No one has commented yet on the symbolic importance of Obama holding his victory celebration last night in Grant Park in Chicago, which was, 40 years ago at the riots of the 1968 convention, the location where the Democratic Party might be said to have been shattered almost irretrievably. Now, 40 years later, Obama returns to scene in triumph, with a renewed Democratic Party spearheading a resurgent liberalism.
Of course, Lyndon Johnson thought his path was clear following 1964. He never foresaw that his chief difficulty would come from the left of his own party. I keep wondering what will happen to Obama’s standing on the left if he doesn’t get our troops out of Iraq quickly, or if he has to order a strong military effort somewhere that won’t go down well with the left.
As an old guy, I myself picked up on it right away last night and informed my 11-year old about what happened 40 years ago. I can only hope that O doesn't think this is the much delayed victory of McGoo.
I expect to hear not McGooism but faux-Kennedyism from him about not fearing to negotiate, and getting the Word (of the One?) to our foes, etc. But he is surely as personally weak as JFK ever turned out to be. Maybe O should ask to meet with Mahmoud A. in Vienna, to reinforce his penchant for symbolic empty gestures.
Contrary to most conservative commentators who were anxious to get voters to be fearful of Obama's perceived weakness in foreign affairs, I have always believed that what Biden was really getting at in his remarks about a "test" within 6 months is precisely what Steve hints at above. Biden was talking to his base. He knows they're going to be angry when Obama has to do things across the oceans that are other than speechifying and flower spreading. None of this is to say that Obama will not be weak in some fundamental way (or at least terribly misguided)--as Dennis suggests was JFK. But it will be more complicated than simple weakness. He's managed to paint himself into a tough corner and it is hard to see how he will emerge without leaving footprints.
Biden was right. Any new president will be tested, and the important thing to note is his or her response to that test. Just off the top of my head, I am thinking about those images of George Bush reading to the 1st graders when he learned that he had just presided over the first successful foreign-led attack on the U.S. Mainland since the War of 1812. Then, there was "You're doing a great job, Brownie!," and then his most recent stellar leadership skills during our current economic crisis. I am also remembering how much uncritical, automatic support GWB enjoyed for so long on this blog.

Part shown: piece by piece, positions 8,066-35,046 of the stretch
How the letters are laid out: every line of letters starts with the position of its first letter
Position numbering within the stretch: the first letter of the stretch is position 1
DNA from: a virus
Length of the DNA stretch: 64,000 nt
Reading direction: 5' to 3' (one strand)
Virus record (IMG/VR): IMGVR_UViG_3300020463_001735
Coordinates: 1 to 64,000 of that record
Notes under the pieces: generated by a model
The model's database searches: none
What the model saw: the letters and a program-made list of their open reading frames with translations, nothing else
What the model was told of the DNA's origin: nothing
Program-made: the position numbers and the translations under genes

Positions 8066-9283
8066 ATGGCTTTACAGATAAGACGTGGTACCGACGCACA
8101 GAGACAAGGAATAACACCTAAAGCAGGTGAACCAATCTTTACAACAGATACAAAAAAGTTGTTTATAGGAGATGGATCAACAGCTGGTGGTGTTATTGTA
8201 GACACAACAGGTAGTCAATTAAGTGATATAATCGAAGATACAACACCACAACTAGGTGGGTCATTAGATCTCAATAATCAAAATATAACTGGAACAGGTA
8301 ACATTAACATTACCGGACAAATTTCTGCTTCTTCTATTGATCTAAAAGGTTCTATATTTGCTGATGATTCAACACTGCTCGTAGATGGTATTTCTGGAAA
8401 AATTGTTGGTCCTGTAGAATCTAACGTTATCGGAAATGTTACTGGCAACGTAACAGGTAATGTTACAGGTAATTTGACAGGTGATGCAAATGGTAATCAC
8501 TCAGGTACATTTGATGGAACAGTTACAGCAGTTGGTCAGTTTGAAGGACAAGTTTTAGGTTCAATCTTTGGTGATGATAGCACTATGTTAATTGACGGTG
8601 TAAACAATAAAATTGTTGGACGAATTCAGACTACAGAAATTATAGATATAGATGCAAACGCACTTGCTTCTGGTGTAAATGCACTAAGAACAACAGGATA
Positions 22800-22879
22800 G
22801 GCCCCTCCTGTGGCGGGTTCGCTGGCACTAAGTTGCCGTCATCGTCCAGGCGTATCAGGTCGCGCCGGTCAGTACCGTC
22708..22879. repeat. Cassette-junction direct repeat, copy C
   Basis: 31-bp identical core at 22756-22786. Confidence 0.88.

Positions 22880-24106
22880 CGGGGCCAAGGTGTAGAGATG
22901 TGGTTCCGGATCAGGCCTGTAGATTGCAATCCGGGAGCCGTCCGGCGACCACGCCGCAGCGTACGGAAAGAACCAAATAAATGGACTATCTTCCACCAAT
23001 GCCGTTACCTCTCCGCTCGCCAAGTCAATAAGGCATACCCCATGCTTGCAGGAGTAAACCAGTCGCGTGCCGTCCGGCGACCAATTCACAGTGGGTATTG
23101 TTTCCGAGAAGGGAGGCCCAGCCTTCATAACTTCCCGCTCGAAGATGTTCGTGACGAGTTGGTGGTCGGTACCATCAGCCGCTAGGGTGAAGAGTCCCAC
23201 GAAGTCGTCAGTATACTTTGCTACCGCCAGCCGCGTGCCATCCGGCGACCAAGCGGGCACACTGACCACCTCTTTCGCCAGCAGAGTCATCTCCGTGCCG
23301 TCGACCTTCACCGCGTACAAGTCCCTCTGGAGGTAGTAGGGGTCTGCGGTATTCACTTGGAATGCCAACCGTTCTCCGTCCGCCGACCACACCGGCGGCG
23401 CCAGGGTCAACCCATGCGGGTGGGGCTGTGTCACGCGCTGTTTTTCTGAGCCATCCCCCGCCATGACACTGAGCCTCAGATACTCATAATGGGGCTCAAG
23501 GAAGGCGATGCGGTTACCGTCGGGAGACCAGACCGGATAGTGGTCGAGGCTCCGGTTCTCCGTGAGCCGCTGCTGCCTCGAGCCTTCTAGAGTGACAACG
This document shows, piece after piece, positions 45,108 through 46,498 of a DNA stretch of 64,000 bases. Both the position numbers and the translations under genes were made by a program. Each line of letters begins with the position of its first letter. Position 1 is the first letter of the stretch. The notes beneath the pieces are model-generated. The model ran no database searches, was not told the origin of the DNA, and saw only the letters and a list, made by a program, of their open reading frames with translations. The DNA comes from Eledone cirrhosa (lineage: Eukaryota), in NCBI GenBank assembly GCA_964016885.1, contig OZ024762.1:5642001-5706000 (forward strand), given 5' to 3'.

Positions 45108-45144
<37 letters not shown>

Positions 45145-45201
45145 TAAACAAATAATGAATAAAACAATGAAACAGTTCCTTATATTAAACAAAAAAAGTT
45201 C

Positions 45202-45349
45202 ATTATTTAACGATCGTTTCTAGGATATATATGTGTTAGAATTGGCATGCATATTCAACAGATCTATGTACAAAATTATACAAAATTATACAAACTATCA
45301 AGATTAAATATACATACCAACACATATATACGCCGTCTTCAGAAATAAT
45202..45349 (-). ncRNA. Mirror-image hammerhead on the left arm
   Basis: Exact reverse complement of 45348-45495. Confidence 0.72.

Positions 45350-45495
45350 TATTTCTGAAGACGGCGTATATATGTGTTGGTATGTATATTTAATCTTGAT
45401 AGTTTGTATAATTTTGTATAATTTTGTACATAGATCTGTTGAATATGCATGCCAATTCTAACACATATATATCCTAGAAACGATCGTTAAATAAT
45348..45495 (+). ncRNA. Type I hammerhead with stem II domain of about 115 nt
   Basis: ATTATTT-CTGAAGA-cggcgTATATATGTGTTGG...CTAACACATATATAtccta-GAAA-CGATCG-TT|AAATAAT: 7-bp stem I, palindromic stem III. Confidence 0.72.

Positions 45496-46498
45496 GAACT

Those of us who voted whole-heartedly for Obama expect that he will not invade foreign countries for profit, and that he will not orchestrate a collection of lies and half-truths in order to muster support for an immoral war.
We expect that he will demonstrate a respect for the Constitution, instead of an arrogant disdain for civil rights.
We expect that his expressed intent to reach across the aisle, and to listen to those who disagree will be more than a nominal, cynical nod of the head to "compassionate conservativism."
We expect to be asked to help in the process of pulling our fat out of the fire that the Bush Administration and friends have fanned for 8 years, instead of the suggestion that shopping and blind flag-waving and liberal-baiting, and racist scapegoating could substitute for true patriotism.
Many of you have different expectations, and it is easy to see why, given your chosen role models and their performances over the past 8 years.
But for us, today is a good day, and we expect that tomorrow will be, as well.
If you want to feel better, take a stroll through the NLT archives from 2004-2005, and look for the pronouncements regarding the death of the Democrats, and how the Left just doesn't get it, and how Bush represents the USA of the future.
It's good reading!